Category Archives: linux

Setting up dynamic DNS with Tomato and Namecheap, and limiting SSH

We have a computer downstairs with backups of files, and I’ve been using it to explore Vagrant and development using virtual machines as well. It can be useful to be able to SSH into it from outside our network, so I spent some time setting up a dynamic domain name, port forwarding, and new limits for the SSH server.

Namecheap (the domain name registrar that I use) supports dynamic domains, so it was easy to enable.

  1. Enable dynamic domains: Manage Domains, choose the domain, and then choose Dynamic DNS. Enable it and copy the password.
  2. Create an A record: Choose All Records and add a subdomain with a temporary address (ex: and type A. Save the settings.

Our router uses the Tomato firmware, which has built-in support for Namecheap and other dynamic DNS provider.

  1. Click on BasicDDNS.
  2. Fill in the details for Dynamic DNS 1.

Before I forwarded the ports, I wanted to make sure that SSH permitted password authentication on our local network but required passphrases for external connections. OpenSSH: requiring keys, but allow passwords from some locations (Michael W. Lucas) was really helpful. I edited /etc/ssh/sshd_config, set PasswordAuthentication no, and added the following lines to the end of the file:

Match Address
  PasswordAuthentication yes

(I had some problems in the beginning because I typed this as Yes instead of yes… Case matters!)

I restarted the SSH server with service ssh restart and confirmed that I could still SSH in.

Back to Tomato. Port Forwarding lets you set up forwarding rules. The port for SSH is 22, so I filled in a row with the port I wanted, the internal port, and the internal IP address of the server. I clicked Save (forgot to do this a few times because the button was near the end of the page) and that was that.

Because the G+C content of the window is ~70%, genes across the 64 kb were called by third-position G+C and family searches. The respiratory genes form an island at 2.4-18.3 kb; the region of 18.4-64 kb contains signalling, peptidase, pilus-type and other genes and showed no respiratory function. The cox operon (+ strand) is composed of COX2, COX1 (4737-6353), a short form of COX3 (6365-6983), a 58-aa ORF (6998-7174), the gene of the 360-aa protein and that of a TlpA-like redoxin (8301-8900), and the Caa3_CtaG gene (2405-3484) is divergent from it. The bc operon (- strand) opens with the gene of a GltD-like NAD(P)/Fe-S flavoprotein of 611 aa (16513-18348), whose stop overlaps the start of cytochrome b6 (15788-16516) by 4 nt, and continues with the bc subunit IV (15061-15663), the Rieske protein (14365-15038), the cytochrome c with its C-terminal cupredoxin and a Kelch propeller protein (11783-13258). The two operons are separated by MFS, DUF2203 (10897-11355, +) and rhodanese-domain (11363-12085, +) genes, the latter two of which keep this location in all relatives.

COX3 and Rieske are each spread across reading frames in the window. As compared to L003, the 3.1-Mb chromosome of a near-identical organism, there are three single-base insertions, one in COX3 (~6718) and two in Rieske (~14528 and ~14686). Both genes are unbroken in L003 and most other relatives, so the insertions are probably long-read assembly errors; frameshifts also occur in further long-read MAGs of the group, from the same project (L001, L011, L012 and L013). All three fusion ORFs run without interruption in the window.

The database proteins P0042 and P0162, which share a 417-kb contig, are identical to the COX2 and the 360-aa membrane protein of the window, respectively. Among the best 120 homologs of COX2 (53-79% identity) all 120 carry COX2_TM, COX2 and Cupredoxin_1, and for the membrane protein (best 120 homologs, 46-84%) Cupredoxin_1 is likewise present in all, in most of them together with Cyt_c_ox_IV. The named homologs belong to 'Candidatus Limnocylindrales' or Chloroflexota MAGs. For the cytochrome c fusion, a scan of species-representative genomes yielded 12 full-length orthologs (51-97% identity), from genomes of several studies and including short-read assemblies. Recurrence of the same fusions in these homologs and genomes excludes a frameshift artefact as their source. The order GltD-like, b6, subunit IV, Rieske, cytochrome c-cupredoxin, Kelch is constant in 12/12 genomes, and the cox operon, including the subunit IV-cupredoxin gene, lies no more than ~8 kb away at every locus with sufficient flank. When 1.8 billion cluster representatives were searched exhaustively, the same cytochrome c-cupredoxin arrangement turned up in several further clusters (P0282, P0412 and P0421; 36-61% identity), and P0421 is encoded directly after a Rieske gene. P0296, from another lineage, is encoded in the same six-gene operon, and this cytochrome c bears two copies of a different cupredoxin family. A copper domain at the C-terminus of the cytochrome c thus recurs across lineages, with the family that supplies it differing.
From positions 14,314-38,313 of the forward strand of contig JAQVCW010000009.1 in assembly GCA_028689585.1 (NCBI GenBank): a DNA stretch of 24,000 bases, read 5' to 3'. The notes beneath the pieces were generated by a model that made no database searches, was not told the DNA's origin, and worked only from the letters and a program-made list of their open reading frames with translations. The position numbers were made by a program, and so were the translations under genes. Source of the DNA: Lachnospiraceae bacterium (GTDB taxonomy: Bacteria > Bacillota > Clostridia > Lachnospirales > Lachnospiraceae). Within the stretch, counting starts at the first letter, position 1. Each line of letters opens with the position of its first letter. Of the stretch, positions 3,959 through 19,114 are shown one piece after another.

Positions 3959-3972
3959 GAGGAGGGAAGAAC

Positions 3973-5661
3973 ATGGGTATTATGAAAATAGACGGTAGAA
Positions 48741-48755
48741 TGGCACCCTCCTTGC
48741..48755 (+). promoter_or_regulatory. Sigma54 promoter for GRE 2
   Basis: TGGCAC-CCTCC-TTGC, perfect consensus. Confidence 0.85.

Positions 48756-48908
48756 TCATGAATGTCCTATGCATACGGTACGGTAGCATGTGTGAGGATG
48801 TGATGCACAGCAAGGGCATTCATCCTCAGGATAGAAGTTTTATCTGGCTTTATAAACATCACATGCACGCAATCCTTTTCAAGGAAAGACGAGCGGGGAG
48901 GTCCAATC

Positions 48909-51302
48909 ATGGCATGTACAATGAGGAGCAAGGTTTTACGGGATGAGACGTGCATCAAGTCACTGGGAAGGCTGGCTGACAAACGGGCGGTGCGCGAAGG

On Windows, I walked W- through generating a DSA public key with PuttyGEN, loading it in Pageant, and copying it to his .ssh/authorized_keys2 file.

Posting this here because I’m probably going to want to do this again someday, and it took some searching around. Besides, someone might find it handy!

Working with FTP sites

One of the Drupal sites I’m working on is on a web host that allows only FTP access, not SSH or SCP access. I set up a local development environment so that I can play around without affecting the integration or production site. This also lets me use drush to do a group upgrade of modules without downloading and installing them one by one. But without the convenience of rsync over ssh, how can I easily transfer my updated code to the server?

lftp is a free Linux/UNIX tool for working with files over FTP. Packages are available on major distros, so installing it as easy as apt-get install lftp or working with your distro’s package manager. To start an lftp session, type lftp user@host. It supports the usual FTP commands, but it also has a few nifty additions. For example, here are some commands I use often:

lftp mirror somedirectory :: Recursively copy somedirectory from the remote computer to the local computer lftp mirror -R somedirectory :: Recursively copy somedirectory from your local computer to the remote computer lftp mirror -R somedirectory destination :: Recursively copy somedirectory to destination – saves me a lot of cd and lcd-ing lftp mirror -R --dry-run somedirectory :: Don’t actually copy somedirectory; print out the commands that would have been run

It’s smart enough to transfer only files that have changed, which is much better than having to remember and copy them. It can also use parallel connections for extra speed.

Type help at the lftp command prompt to find out more, or check out the lftp webpage. Hope this saves you time!

Electronic ears: Using Performous to learn how to sing

SCHEDULED: 2010-07-28 Wed 08:00

I’ve been singing in the wrong key(s) all my life. Thanks to Brendon Robinson’s recommendation of Performous (a free, open source music application), I can finally work on fixing that.

Part of learning how to sing is getting used to what the notes feel like. I find it difficult to listen to piano notes and figure out if I’m singing at the right pitch. Sometimes I’m sharp, sometimes I’m flat, sometimes I’m way off. Recording is a hassle, and it takes too long between trying something and getting feedback. (I’m amazed by how my dad taught himself all sorts of photography techniques with a film camera…)